Speaking like a true Hawks player, Schroder credited the World Team’s defense for the win.
“In the second half we picked up the defense and pushed the pace on offense,” said Schroder, who started at point guard. “We tried to find the open guys and knocked them down. We had some stops.”
Well, the World did hold the U.S. to 45 second-half points after allowing 67 first-half points.
Andrew Wiggins led the World with 22 points and was named the game’s Most Valuable Player. Rudy Gobert had the game’s only double-double with 18 points and 12 rebounds.
Victor Oladipo and Zach LaVine each had 22 points for the United States Team. Kentavious Caldwell-Pope, out of the University of Georgia, had eight points on 3 of 15 shooting.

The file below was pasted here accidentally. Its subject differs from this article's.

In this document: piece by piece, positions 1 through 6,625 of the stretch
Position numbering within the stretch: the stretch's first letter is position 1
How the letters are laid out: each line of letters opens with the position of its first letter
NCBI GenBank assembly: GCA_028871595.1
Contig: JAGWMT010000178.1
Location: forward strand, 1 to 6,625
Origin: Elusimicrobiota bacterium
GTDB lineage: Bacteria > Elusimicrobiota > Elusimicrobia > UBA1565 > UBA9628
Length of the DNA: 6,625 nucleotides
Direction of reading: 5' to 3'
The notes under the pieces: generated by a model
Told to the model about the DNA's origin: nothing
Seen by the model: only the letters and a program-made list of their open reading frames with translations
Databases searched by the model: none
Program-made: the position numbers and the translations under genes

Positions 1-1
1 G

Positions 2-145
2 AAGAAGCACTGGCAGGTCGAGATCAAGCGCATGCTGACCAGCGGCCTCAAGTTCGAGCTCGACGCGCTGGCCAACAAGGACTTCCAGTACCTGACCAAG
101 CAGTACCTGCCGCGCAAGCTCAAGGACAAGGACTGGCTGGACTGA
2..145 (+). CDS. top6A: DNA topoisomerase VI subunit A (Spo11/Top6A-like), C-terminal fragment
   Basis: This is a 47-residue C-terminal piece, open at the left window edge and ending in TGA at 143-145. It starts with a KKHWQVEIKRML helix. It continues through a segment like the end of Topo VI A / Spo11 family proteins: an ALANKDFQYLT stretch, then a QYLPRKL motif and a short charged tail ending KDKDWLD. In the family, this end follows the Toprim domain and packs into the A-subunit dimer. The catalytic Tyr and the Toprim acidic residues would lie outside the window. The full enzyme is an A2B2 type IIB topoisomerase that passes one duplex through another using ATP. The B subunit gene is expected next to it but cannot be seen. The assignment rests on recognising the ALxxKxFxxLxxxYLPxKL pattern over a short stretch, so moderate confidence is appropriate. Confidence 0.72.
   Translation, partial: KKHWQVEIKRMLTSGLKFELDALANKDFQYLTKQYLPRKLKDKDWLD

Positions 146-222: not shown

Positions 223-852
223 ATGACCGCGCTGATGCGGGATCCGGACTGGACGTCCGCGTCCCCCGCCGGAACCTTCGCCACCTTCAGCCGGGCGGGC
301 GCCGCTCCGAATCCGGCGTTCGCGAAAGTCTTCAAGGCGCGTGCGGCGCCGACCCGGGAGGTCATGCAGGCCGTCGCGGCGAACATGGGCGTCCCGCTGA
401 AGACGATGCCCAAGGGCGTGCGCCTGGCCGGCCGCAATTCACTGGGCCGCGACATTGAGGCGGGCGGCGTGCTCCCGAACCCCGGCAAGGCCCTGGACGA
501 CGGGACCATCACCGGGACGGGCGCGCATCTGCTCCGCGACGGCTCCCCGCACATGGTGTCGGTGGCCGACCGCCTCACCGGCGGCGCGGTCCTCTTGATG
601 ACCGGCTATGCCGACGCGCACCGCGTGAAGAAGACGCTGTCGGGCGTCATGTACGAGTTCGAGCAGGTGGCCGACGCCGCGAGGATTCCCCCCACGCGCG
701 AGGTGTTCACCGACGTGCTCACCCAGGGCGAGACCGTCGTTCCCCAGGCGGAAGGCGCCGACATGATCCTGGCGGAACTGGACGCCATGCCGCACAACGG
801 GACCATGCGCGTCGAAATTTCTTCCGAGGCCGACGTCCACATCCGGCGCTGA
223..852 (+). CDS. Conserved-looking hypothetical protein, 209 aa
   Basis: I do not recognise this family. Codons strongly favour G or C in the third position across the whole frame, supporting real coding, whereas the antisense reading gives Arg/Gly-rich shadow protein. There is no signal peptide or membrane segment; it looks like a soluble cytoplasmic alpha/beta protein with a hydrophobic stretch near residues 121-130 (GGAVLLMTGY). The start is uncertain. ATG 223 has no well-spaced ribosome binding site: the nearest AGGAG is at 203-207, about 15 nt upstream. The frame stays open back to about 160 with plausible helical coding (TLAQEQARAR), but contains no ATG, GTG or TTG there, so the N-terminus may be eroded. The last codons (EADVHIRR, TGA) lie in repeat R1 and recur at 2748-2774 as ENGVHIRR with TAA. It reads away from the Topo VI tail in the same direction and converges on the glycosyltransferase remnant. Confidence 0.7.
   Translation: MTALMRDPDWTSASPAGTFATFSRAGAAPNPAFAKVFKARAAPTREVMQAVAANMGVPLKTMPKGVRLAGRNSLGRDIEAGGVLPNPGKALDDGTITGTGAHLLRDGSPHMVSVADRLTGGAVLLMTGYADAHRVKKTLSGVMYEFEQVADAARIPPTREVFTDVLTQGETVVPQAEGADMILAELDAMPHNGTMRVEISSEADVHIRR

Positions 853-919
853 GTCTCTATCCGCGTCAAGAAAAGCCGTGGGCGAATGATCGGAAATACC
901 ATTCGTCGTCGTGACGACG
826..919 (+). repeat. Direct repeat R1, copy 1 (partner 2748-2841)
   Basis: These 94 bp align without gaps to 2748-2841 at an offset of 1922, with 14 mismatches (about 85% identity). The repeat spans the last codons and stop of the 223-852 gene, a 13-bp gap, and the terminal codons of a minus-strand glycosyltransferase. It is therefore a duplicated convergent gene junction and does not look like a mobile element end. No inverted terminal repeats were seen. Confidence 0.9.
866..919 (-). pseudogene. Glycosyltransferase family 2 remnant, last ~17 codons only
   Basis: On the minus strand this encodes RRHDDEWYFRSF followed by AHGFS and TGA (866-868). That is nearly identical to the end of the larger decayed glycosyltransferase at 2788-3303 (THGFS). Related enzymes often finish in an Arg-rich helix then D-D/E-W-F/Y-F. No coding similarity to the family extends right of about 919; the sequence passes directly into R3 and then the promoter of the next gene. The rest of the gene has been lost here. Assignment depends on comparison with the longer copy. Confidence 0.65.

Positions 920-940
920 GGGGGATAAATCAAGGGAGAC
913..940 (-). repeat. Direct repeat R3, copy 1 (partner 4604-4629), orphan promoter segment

Schroder admitted after the game there was extra incentive to win in the new format for the Rising Stars Challenge, pitting the United States against the World.
“Everybody said we had to win because we are the world,” Schroder said of his teammates. “That’s why we wanted to win the game.”
The victorious World Team was coached by the Hawks’ staff, led by lead assistant Kenny Atkinson.